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MoveOn Goes To Bat For PBS Comrades

From MoveOn’s agit-prop website:



TO: (Your senators and representative)
FROM: (Your name and email)
SUBJECT: Save NPR and PBS once and for all

Dear Senators and Representative,

(Your personal note)

Congress must save NPR and PBS once and for all. Congress should guarantee permanent funding and independence from partisan meddling.

Here is the email they have been spamming to their suckers list:

Dear MoveOn member,

George W. Bush is trying—yet again—to slash funding for NPR and PBS. This week, Bush proposed a new budget with devastating cuts to public broadcasting.1 "Sesame Street" and other ad-free kids’ shows are under the knife. So is the independent journalism our country needs.

Enough is enough. We’ve fought this fight before and won—but we can’t afford the risk anymore. With the new Congress, we can make sure this never happens again. We need Congress to insulate NPR and PBS from the political winds.

We can make it happen if enough of us sign this petition: "Congress must save NPR and PBS once and for all. Congress should guarantee permanent funding and independence from partisan meddling." Clicking here will add your name to the petition:

http://civ.moveon.org/publicbroadcasting/o.pl? id=

After you sign, please forward this email to your friends, family, and co-workers to keep this campaign going. We’ll deliver the petition to members of Congress as they consider Bush’s budget—offering a public counterpoint to this dangerous attack.

Congress can protect NPR and PBS from future cuts. The long-term solution to save public radio and TV is to:

–fully restore this year’s funding

guarantee a permanent funding stream free from political pressure

reform how the money is spent and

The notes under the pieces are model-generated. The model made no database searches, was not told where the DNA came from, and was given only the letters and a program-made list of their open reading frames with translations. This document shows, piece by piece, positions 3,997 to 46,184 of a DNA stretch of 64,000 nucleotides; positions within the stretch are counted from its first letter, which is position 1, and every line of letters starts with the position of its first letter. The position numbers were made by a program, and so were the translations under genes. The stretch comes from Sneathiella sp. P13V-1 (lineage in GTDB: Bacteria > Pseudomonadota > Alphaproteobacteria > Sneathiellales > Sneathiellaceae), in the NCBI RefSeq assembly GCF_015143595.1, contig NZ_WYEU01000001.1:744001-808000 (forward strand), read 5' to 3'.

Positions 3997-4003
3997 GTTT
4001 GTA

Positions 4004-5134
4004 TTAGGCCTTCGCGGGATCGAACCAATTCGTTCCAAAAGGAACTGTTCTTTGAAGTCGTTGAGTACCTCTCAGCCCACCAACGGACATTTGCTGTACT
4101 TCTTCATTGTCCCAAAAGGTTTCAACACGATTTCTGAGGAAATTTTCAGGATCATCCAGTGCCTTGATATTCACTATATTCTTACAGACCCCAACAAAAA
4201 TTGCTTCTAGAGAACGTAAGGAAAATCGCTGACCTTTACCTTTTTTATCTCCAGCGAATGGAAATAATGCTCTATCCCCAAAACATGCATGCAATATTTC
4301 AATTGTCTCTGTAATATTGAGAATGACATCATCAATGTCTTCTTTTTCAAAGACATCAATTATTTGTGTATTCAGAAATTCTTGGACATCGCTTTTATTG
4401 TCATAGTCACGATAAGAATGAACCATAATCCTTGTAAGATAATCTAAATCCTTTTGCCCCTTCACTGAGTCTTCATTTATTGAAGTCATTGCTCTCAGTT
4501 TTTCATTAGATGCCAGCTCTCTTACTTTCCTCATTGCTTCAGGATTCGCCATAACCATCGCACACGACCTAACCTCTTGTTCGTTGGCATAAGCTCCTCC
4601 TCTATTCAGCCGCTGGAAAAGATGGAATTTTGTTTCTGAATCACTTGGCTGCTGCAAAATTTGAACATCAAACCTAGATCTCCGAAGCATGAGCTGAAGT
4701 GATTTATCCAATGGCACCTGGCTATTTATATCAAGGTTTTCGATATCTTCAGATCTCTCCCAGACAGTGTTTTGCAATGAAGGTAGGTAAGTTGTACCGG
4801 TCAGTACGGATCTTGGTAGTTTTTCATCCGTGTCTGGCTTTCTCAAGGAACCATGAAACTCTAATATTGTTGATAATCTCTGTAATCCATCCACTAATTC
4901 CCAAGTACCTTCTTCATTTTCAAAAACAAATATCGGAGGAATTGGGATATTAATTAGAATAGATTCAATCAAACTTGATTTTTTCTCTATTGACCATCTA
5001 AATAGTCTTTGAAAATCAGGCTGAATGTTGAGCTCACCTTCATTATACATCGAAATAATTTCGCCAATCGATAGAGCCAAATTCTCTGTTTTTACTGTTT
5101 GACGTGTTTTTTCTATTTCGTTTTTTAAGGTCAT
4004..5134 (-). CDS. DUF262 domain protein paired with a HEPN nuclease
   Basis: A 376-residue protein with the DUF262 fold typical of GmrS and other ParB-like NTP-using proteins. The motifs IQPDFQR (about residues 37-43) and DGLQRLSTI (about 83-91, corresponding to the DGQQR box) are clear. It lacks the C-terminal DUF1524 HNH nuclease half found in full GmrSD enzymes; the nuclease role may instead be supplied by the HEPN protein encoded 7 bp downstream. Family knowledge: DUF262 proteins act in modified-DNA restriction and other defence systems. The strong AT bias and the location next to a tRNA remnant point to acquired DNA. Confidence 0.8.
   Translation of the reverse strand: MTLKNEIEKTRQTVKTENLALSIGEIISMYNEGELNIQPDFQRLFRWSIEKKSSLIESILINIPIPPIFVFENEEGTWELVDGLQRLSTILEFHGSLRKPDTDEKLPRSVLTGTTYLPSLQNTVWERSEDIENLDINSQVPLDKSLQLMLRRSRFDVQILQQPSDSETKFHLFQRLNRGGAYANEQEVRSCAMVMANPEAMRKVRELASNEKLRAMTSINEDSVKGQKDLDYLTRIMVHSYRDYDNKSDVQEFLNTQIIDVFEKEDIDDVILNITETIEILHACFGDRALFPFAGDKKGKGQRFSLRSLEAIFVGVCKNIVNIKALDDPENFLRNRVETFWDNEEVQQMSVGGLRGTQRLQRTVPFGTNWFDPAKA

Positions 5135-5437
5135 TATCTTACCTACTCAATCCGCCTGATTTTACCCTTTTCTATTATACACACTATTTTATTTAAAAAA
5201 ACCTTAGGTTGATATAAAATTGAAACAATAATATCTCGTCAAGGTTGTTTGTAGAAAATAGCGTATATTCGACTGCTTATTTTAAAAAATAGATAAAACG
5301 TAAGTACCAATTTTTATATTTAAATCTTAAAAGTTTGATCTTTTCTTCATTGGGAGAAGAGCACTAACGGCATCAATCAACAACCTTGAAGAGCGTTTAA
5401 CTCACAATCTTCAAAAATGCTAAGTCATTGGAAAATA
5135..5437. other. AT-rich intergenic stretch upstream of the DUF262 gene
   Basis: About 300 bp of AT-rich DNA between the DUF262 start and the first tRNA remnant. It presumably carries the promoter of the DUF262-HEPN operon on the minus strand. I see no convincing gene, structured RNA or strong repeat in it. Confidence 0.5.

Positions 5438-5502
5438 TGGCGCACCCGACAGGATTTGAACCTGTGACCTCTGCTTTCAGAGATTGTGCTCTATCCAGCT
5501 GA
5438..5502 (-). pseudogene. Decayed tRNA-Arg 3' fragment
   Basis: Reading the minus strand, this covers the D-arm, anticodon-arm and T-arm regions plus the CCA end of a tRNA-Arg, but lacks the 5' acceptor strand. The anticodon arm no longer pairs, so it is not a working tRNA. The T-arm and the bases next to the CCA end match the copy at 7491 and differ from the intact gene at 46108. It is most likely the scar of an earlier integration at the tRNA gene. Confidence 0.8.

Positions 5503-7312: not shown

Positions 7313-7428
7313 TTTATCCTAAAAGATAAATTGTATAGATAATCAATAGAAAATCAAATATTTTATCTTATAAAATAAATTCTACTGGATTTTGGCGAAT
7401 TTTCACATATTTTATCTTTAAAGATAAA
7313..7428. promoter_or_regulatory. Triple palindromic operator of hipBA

keep partisan appointees from pushing a political bias

Bush’s budget would cut federal funds for public broadcasting by nearly 25%.1 According to PBS, the cuts "could mean the end of our ability to support some of the most treasured educational children’s series" like "Sesame Street," "Reading Rainbow," and "Arthur."

As telecommunications chair Rep. Ed Markey said, "In a 24-7 television world with content often inappropriate for young children, the public broadcasting system represents an oasis of quality, child-oriented educational programming. We owe America’s children and their parents this free, over-the-air resource."1

The cuts could also decimate one of the last remaining sources of watchdog reporting on TV—continuing the partisan war on journalism led by the ex-chair of public broadcasting, Ken Tomlinson.3 More people trust public broadcasting than any corporate news media.4 President Bush would rather undermine our free press than face reporters who are asking tough questions.

Let’s put an end to the constant threats to NPR and PBS. Let’s ask Congress to guarantee funding and stop partisan meddling. Clicking here will add your name to the petition:

http://civ.moveon.org/publicbroadcasting/o.pl? id=

Thank you for all you do.

–Noah, Marika, Eli, Adam G. and the MoveOn.org Civic Action Team Thursday, February 8th, 2007

Of course just like PBS and NPR, MoveOn.org is taxpayer supported.

And who would want it any other way?

But do you ever wonder where the merchandizing money from Sesame Street and other similar PBS programs goes?

[AP caption:] In this handout photo provided by Mattels Fisher-Price, T.M.X. Friends: Ernie and Cookie Monster are shown. Mattel Inc.’s Fisher-Price is hoping to replicate the success of T.M.X. Elmo by expanding the technology to his other friends: Cookie Monster and Ernie. The toy company will be shipping smaller versions of the two Sesame Street characters, marketed under T.M.X. Friends, to stores in October, according to Gina Sirard, vice president of marketing for Fisher-Price.

It doesn’t go to funding PBS’s minuscule output of original programming, that’s for damn sure.

Of course MoveOn and the folks at PBS and NPR have different priorities.

Lining their pockets goes before building needed schools:

Eliminating the federal share of CPB funding would free up $400 million this year," said Gov. Haley Barbour, a Mississippi Republican who needs to build schools in hurricane areas. "That is enough money to build 40 elementary schools."

A half a billion dollars a year? To show programs from Britain and to produce such lavish shows as "Antiques Roadshow" — which is itself a knockoff of a British program.

In fact, there are laws against the US government producing propaganda for a domestic audience.

That is the real reason PBS and NPR should be weaned away from the government teat.

This article was posted by Steve on Friday, February 9th, 2007. Comments are currently closed.

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